In a sense MarginNote is fragile (if Sun Min gives up on it, so do all of us), but not unusually so. There is no way to associate the notes to the PDF without MarginNote. Just as there is no sane way to reconstruct a Tinderbox map from the Tinderbox .xml file without Tinderbox.

You might already know that MarginNote can import annotated PDFs, but MarginNote does not recognize annotations made by DEVONthink. I usually use Acrobat for annotating files.


There is a lot of pushback against tagging so I think its worth reviewing when it is useful.

The important distinction to be made is that folders are for storing documents and tags are a way of storing metadata about those documents.

The purpose of adding metadata to a document is to make that document findable and classifiable in another context. If you are going to tag you have to have a clear understanding what those contexts are. Once you understand these contexts then things like tag categories and auto-complete of tags help keep the contexts consistent.

There are two approaches to adding metadata with tags:

  • You know actually what metadata you want to add to the document before you even start. There are obvious examples of this sort of metadata such as the date the document was created, the author of the document, the addressee of the document and so forth. In much the same way as I would not want a document in a database that did not have meaningful title, I would not a document in the database which reflected an interaction between people unless it properly reflected the sender and receiver as metadata.
  • You dont know what sort of metadata may be useful before you start working through the documents. A common example of this is the type of document. After reading through a bundle of document you realise that they are composed of invoices, handwritten notes, typed transcripts. etc. and you decide that these are useful categories to add to the document. This is the sort of metadata you might choose add on a second review of the documents

It may be that the type of work you do does not require metadata at all. For less than a 100 documents, the visual representation of the layout of the documents in DT combined with ones own memory means its almost not certainly worth adding any metadata. If you are dealing with documents that use clear and distinct terminology then the AI may also be good enough for you. Where however you are dealing with thousands of documents, meticulous metadata can be invaluable to finding connections or even in locating documents or annotations which you can only identify by a single feature.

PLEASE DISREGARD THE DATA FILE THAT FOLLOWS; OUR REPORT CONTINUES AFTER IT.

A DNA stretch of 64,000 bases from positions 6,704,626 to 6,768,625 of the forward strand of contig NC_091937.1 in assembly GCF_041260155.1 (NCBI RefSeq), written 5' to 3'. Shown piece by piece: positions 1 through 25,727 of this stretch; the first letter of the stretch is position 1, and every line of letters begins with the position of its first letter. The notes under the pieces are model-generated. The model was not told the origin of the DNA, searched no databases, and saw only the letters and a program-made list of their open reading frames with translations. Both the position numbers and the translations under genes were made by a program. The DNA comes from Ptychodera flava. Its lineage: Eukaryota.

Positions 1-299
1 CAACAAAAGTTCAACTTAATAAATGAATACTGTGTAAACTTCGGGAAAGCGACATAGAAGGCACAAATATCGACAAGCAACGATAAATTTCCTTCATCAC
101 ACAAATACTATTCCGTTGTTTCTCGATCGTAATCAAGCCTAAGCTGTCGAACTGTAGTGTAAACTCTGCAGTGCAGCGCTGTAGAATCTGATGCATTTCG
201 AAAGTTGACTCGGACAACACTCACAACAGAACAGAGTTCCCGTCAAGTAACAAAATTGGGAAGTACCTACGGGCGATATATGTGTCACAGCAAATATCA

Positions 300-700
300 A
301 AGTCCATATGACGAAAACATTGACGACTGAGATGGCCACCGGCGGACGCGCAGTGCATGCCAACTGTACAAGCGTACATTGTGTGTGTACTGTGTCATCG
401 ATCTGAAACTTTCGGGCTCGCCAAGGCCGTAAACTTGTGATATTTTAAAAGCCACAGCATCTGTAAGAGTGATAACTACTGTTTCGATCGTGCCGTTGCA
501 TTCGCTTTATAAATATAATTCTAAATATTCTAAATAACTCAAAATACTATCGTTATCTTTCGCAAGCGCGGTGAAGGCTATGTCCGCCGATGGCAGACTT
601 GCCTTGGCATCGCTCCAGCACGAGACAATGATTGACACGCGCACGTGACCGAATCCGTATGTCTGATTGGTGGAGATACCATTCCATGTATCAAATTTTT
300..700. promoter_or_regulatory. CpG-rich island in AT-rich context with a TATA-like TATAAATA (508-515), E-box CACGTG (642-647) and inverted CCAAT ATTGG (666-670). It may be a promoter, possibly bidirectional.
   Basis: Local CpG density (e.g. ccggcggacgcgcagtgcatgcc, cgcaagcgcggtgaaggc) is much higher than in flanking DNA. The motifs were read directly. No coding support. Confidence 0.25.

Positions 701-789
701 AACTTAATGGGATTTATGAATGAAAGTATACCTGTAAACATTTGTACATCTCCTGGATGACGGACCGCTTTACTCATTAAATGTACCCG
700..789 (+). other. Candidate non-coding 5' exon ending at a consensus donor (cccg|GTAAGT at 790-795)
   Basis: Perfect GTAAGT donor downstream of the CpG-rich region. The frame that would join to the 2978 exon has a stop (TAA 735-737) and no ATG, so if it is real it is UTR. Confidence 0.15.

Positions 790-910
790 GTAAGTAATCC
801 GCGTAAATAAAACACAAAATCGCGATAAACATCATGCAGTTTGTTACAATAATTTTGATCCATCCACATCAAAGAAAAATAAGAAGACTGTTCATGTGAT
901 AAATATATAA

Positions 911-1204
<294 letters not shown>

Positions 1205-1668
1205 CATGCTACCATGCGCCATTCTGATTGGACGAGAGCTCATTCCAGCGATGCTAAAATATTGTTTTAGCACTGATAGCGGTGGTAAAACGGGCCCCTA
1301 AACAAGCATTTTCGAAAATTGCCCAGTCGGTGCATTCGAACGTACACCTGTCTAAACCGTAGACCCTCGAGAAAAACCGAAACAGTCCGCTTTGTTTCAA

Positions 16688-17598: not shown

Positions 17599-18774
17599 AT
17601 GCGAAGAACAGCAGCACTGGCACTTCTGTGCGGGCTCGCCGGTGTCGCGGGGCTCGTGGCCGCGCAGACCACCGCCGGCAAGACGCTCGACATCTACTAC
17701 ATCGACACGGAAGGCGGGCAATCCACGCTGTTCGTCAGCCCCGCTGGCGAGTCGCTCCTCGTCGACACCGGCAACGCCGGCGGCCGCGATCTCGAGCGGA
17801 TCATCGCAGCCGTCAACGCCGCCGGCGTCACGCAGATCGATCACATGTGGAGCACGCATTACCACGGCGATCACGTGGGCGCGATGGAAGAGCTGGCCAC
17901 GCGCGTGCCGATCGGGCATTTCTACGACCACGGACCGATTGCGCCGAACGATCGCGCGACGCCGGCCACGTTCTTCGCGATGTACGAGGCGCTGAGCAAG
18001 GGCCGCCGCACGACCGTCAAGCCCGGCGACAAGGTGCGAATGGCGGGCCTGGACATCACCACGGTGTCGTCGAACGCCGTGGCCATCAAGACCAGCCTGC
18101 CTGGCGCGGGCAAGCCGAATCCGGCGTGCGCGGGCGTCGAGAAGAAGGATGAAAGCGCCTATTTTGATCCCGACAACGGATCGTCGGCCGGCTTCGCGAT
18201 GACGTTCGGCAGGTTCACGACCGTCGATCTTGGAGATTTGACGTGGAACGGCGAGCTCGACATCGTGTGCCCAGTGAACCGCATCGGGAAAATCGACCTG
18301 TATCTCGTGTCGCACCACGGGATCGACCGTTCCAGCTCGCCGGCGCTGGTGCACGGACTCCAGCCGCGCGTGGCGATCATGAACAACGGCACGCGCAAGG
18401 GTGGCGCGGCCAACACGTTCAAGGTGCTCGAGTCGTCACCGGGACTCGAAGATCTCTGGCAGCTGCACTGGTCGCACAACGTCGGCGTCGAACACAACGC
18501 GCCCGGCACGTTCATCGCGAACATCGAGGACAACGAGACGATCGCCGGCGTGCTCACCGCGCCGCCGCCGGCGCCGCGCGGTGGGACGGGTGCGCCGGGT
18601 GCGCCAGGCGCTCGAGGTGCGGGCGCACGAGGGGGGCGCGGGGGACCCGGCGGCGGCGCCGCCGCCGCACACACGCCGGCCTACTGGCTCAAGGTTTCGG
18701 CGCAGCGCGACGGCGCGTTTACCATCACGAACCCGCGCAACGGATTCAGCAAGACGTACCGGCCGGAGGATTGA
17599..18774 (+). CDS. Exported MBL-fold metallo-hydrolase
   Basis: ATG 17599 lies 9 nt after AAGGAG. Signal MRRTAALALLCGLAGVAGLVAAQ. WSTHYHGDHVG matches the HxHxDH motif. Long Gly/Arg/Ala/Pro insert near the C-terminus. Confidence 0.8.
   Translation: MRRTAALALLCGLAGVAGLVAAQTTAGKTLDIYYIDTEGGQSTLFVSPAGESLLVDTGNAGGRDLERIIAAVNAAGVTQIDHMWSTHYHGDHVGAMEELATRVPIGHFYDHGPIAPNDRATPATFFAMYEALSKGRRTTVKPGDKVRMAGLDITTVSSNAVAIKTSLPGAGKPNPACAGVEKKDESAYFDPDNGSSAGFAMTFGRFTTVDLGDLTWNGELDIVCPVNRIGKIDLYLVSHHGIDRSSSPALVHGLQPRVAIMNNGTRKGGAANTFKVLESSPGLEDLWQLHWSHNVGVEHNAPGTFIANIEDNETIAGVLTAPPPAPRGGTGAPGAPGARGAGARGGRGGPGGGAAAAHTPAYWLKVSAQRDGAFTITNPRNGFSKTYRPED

Adding metadata can seem unproductive and boring and frequently is. I think if you have many documents and the resources it is worth employing someone to add the metadata for you. Its may not be directly worth your time to add the recipient, addressee and date to several hundred pieces of scanned correspondence but when its done for you, its invaluable. You can process the documents and see the connections between them in half the time it would otherwise take. Instantly you can choose to see only correspondence between two people of interest without laboriously searching through the documents. Expand this to thousand of documents and the benefits only multiple. If you export your notes to Aeontimeline (or I imagine something like Tinderbox), tags groups are the only real way to export the context of the notes.

I have written about tagging and metadata in other contexts which may be interesting if you are new to the topic:

Using annotations to build a chronology
Tags and folders are different

Whether tagging is useful to you will depend on what you need from your workflow.


(As a side note, in the legal field coding, as tagging is termed, has well established hierarchies and methodologies (Unitisation, Subjective, Objective, Physical, In Text) and whole software products in the windows world are built on making this process efficient and consistent. The procedure is that you code the first hundred documents and then the AI processes the remaining thousands of documents and codes them automatically for you (based on its interpretation of your initial coding), presenting you with only those that it has a low confidence about its code assignment, for review. The AI in these products is truly impressive but then so is their price!)

Sorry for being away from this thread for a while. Really appreciate everyone’s contribution – it’s been enormously helpful.

FYI: MarginNote now interfaces better with DTP through creating RTFD export notes. It’s a really nice development for those who use MarginNote & DTP, and I believe they’re still ironing out this feature.

Per @korm’s advice, I’ve broken up my work process into simplified tasks:

(1) clipping;

(2) taking notes / annotating clips, and;

(3) organizing notes & annotations.

I overhauled my DTP Inbox to create an easier way to clip articles & documents, and to create parity with DTP & DTTG’s clipping options, namely: